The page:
“Number one, we’re going to take advantage of our energy resources,” he offered. Excellent! Drilling? Pipelines? Nuclear? Romney did not say: Just trust him.

“Number two, I’m going to make sure that our schools are second to none,” Romney said. “We need our kids to have the skills to succeed. That’s number two,” he went on. Thus ended the education-policy segment of the program.

“Number three, I want trade that works for America,” Romney said. The closest he got to specifics here was to say he would “crack down on cheaters like China when they play on an unfair basis.”

“Go, Mitt!” somebody shouted.

Mitt did go — right to No. 4, to “show America that this team can put America on track to a balanced budget and stop the deficit spending.”

“Mitt, Mitt, Mitt, Mitt, Mitt!” the audience chanted.

He moved on to No. 5: reducing regulations. And here he had a specific, sort of: “I want to make sure that we get Obamacare out of the way and replace it with something which will help encourage job growth in this country.”

Replace it with . . . something?

Of course, Romney is hardly the first presidential candidate to avoid specific commitments and promises. His opponent, President Obama, was caught on a hot mike telling Russia’s Dmitry Medvedev to wait until after the election for a new Russia policy.

The difference with Obama, though, is he has already established a track record in office. By declining to put meat on the bones of his policy proposals, Romney wouldn’t have any mandate from the voters if he does defeat Obama. In policy speeches, he’s somewhat more specific than he is at typical campaign stops, but even then there’s nothing resembling a comprehensive plan for budget balancing, job creation or tax reform.

Romney and Ryan, in rolled-up sleeves and open collars, took the stage at Saint Anselm to the orchestral tune “Tryouts,” from the college-football film “Rudy.” This was appropriate, because the two men were about to pass and punt on issue after issue.

Ryan, the policy wonk of the pair, teased the crowd with the prospect of specific proposals (“We’re going to win this debate about Medicare!”) but then floated the idea of letting younger Americans, when they retire, “have a choice of guaranteed coverage options, including traditional Medicare.” That is a specific policy — but it hasn’t consistently been Ryan’s; he got the House last year to approve his plan phasing out traditional Medicare.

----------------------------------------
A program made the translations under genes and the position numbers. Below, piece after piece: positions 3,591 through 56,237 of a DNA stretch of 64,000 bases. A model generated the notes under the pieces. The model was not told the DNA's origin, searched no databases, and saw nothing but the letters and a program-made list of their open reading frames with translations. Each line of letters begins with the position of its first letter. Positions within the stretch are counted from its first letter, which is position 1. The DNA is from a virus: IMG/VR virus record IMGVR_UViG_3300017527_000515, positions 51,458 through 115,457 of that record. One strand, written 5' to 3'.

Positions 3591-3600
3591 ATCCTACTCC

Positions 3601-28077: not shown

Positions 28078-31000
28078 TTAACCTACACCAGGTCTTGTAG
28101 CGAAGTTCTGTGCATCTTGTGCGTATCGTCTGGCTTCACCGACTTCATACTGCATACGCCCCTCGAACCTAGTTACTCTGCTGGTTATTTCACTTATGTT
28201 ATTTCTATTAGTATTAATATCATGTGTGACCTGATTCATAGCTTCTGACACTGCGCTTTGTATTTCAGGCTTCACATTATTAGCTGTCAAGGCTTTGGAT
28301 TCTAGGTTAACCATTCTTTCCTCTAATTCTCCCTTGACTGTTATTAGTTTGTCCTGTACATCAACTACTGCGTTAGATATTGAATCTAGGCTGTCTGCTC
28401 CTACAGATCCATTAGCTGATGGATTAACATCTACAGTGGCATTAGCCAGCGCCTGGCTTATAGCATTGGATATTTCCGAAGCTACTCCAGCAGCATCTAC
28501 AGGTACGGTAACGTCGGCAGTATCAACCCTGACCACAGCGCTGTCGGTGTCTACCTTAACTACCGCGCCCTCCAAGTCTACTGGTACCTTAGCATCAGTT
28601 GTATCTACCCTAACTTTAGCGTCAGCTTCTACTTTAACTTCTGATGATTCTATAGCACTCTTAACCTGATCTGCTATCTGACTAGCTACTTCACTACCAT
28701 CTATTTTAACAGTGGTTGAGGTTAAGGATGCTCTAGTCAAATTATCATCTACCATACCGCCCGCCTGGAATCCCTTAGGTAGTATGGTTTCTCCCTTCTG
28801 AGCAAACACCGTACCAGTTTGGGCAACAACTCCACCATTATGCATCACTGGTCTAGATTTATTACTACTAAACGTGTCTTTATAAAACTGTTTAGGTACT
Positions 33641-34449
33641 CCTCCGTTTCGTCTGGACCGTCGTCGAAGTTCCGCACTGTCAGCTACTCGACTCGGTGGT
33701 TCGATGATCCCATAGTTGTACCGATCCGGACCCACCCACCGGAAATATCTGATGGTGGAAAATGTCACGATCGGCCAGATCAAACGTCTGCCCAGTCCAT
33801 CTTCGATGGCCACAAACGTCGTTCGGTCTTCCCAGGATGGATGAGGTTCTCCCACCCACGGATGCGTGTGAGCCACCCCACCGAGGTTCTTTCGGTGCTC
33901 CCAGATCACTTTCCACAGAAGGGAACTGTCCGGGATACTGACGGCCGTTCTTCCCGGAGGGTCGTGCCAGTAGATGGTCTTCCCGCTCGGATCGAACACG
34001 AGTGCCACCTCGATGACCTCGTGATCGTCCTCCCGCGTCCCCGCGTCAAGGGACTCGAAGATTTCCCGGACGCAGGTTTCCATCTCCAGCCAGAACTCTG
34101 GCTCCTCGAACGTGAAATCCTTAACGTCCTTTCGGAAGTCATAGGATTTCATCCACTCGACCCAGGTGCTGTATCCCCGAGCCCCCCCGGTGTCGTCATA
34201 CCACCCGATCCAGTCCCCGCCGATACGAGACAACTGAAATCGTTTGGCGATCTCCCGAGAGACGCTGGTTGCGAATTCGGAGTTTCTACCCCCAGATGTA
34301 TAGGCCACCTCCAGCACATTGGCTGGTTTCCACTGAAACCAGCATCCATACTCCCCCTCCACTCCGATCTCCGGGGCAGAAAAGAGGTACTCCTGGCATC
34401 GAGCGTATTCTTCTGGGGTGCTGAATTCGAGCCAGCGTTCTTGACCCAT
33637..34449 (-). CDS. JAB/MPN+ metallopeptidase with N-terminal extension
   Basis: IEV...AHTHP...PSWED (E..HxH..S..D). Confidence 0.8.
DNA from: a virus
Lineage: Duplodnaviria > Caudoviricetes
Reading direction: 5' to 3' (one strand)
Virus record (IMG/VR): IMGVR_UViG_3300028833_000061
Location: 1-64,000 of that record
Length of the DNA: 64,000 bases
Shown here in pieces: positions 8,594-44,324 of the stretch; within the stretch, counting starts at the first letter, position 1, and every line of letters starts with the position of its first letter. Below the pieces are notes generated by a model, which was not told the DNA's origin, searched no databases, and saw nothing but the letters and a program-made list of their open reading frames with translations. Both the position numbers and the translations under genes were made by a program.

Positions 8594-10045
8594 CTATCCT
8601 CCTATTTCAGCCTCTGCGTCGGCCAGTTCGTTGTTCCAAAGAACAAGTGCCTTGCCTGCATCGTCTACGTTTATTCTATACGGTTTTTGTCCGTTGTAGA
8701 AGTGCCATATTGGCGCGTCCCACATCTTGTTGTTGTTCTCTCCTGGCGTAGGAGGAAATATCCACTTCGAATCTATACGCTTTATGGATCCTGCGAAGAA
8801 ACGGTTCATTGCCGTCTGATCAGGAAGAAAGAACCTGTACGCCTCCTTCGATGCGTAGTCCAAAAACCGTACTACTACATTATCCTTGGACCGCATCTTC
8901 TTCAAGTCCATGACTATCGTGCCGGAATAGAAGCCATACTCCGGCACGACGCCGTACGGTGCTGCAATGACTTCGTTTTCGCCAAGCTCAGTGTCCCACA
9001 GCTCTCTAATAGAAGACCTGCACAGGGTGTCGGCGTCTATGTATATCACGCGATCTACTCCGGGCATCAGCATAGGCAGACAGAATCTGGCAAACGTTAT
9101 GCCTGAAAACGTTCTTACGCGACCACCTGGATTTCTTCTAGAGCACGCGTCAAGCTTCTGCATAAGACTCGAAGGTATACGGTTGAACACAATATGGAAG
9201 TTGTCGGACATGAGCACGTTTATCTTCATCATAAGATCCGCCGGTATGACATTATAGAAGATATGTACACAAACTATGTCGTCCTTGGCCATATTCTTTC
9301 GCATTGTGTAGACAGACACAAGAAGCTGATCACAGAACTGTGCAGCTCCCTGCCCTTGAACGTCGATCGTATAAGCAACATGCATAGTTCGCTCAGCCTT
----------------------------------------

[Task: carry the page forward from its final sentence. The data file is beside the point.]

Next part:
Still, that was apparently enough detail for one day. “I won’t go into all the things that we’re proposing to do to get jobs back, because I want to leave something for Mitt to talk about,” Ryan said. “The point is, we’re offering you solutions.”

Just trust them.

In fact, Romney didn’t furnish the promised proposals, and his foreign policy didn’t get much more elaborate than “American strength is critical.”

The audience members were friendly, but they wanted more details. His plan to reduce the debt?

“We want to grow this economy and cut federal spending.”

His tax plan? “I will not raise taxes on the American people.”

His Afghanistan plan? “Bring our men and women home, and do so in a way consistent with our mission.”

His plan to reduce student costs? “Make sure that when you graduate, you can get a job.”

Just trust him.

 

By: Dana Milbank, Opinion Writer, The Washington Post, August 20, 2012

 

 

August 26, 2012 Posted by | Election 2012 | , , , , , , , , | Leave a comment

“Unhappy Surprises”: In A Democratic System, There Will Be “Wacky Primary Voters”

Missouri Republicans have just nominated a Senate candidate who appears to believe that the government’s college student loan program is the equivalent of Stage 3 cancer. Actually, he said “the Stage 3 cancer of socialism,” which is perhaps not the exact same thing. But I believe you get the idea.